For freeform audio with MIDI added later you could try the tempo detection thingy. Haven’t had a chance to myself yet since I usually always begin my process with MIDI. Works best with drums, but might work with a percussive acoustic guitar.
http://www.youtube.com/watch?v=W4PGHItSDE8
http://www.youtube.com/watch?v=hzHYtgMs9gg

Welcome Voxhumana!

Due to the nature of my job (working in different studios, composing, arranging, teaching) I have to use almost any major DAW out there. And due to the fact that I am based in the UK, Logic prevails here.
The reason is most people DON’T know what they are missing. Cubase is by far a more advanced DAW than Logic hands down (not even need to compare it to ProTools). Most die-hard Logic users do not give it a chance because the have never used it. But I have many examples of colleagues who had the attitude of “Oh come on, don’t tell me you even COMPARE Logic to Cubase!”, who sat next to me in a session for a couple of hours while I was using Cubase in my studio and they kept saying “Oh! You can do that! Cool!”. Needless to say many of them ditched Logic for Cubase.
I am not saying that Logic is a terrible program. On the contrary. But as you will be using it, you will see how intuitive Cubase is and how quicker you will do things that in Logic they are nearly impossible.

For the time being let me state the obvious and say:

Enjoy the clear and detailed waveform views that ALLOW you to see phase relationships clearly (compare to Logic…)
Enjoy the superb and NON destructive audio editing
Enjoy the offline audio process history
Enjoy the fast import/conversion of audio files
Enjoy the fabulous Elastique algorithms.


You did a great choice. :wink:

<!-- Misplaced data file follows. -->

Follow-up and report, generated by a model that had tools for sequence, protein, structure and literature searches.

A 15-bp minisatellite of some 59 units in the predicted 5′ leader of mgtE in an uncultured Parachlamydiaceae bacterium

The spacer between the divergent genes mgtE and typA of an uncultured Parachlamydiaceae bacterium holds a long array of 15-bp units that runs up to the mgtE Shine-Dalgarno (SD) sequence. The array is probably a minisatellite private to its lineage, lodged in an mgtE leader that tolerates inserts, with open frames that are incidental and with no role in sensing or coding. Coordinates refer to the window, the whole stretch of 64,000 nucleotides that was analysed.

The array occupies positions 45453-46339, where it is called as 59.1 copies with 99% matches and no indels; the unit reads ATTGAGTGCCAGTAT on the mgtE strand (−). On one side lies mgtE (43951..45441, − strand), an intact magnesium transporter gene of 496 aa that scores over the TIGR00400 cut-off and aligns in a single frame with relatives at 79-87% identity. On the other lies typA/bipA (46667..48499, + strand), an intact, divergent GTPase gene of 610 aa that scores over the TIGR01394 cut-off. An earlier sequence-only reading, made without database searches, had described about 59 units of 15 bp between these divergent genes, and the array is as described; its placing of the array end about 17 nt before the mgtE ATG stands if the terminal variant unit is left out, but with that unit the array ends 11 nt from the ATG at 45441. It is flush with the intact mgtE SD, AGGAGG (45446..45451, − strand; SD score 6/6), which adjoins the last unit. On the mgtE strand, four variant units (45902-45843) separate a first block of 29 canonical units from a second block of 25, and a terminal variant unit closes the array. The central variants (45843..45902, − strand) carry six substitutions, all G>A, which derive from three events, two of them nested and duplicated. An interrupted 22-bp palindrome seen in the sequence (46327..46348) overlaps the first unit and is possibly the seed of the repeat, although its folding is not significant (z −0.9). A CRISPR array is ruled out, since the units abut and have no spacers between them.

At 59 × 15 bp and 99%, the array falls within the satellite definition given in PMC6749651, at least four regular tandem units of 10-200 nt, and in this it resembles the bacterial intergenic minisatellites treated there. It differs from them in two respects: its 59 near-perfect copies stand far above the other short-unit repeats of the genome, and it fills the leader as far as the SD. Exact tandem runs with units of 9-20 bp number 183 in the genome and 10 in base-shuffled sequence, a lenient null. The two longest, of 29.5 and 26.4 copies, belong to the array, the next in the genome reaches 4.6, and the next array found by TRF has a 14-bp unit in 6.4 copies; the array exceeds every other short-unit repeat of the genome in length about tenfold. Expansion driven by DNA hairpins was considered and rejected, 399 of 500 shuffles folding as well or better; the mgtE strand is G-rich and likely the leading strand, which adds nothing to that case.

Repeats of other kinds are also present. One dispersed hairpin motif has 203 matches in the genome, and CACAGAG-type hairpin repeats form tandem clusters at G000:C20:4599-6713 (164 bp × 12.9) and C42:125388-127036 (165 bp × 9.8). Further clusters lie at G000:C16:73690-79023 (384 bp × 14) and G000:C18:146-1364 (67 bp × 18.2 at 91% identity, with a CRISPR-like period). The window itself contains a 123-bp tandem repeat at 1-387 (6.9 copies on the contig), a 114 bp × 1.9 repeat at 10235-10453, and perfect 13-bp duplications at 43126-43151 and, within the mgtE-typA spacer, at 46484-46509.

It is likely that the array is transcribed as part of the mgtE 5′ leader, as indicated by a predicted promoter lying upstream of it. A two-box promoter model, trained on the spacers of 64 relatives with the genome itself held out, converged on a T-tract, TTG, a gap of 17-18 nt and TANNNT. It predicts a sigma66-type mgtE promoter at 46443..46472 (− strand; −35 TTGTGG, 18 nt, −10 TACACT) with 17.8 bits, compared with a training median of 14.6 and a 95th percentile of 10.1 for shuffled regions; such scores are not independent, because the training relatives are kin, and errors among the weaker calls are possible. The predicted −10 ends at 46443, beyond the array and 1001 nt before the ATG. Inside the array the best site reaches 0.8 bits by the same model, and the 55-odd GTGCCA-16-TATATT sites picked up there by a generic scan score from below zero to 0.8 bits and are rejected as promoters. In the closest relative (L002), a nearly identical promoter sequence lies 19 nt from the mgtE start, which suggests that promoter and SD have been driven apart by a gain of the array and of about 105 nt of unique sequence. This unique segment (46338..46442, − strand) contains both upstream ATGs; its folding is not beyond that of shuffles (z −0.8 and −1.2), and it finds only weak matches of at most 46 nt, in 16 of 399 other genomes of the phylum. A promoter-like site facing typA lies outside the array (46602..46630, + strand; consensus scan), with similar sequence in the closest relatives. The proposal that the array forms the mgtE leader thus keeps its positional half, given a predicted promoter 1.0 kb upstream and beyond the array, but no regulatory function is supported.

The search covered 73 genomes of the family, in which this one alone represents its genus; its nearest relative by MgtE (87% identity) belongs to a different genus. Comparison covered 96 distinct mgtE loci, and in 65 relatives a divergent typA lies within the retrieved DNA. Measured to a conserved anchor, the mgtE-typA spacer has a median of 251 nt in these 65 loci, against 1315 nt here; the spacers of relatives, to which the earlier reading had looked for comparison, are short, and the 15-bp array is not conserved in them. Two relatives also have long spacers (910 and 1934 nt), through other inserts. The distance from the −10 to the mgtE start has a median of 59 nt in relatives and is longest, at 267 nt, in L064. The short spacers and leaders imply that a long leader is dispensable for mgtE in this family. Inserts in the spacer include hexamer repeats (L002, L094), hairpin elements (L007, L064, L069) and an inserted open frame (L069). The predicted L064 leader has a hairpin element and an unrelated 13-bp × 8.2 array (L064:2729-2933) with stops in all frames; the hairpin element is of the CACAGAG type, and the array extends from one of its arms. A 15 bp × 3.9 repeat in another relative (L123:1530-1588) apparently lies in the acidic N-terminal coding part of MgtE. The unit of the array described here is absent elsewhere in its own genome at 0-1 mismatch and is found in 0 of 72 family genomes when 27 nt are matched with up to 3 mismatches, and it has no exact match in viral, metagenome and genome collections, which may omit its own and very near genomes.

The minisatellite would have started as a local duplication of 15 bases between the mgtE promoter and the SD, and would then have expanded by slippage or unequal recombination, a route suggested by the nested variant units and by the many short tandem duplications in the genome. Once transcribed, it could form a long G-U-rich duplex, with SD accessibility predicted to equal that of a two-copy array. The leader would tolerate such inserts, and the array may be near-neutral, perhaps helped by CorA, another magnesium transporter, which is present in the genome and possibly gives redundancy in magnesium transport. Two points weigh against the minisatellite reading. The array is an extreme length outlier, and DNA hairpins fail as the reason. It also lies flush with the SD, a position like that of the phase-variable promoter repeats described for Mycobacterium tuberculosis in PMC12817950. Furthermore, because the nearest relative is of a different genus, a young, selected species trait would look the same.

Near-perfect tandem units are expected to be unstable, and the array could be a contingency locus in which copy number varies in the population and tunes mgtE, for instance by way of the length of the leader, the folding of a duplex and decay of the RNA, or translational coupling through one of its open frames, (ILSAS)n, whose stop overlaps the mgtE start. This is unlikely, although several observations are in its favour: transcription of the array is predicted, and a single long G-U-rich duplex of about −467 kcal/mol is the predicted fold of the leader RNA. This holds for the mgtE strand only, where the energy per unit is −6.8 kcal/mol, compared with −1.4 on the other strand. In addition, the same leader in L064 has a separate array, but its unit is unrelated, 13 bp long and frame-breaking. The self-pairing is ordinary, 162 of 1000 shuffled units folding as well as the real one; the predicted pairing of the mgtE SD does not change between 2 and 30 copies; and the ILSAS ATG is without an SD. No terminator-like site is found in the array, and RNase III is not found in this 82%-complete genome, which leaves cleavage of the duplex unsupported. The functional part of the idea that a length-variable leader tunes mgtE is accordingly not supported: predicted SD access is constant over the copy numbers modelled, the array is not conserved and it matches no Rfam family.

I also think he is making a great choice, but I wonder why the move away from Mac hardware (maybe way to much $$ in AU…and don’t start a this vs that hardware war either :smiling_imp: ). I have a PC for all my PLAY VI’s and everything else is MAC and that’s just the way I choose to run it. Sure ASIO runs better on Windows but when you use slaves (and keep PLAY off the mac) I can still do a ton of work.

Am am surprised you say Logic is so popular in the UK because the folks I know in the game industry over there are all Cubase/Nuendo based. :question:

Anyways, enjoy Cubase!

Chris

I’ll chip in as well.
I’m no power user of either system I have to admit.

I prefer the layout of Logic’s mixer- for me it seems clearer, and it’s easier to see plug-ins etc.
The sounds you get with Logic- the software instruments, loops are IMHO amazing, especially for the price!

BUT, I do use Cubase more!
Don’t know why exactly, but it seems to be easier to compose in Cubase.
Maybe it’s because I’ve used it for much longer than Logic (Pro 24 user too!) but I feel more at home with it when putting tracks together.
The Drum Edit page is one of Cubase’s little secrets, and has been a great tool over the years, even when using hardware drum samplers. I Really missed this when using Logic.

In a perfect world, I’d compose on Cubase and mix in Logic, but for now Cubase is my DAW.

Only my opinion and as usual YMMV!

http://www.youtube.com/watch?v=hP0kWqJJZa4

this is my all time fav from them!Log from BLAMMMO!epic…great thread i m just waiting to receive ur824 and iam goin to work first time with asio drivers on mac, is it unstable with EWQL? Gettin nervous here guys…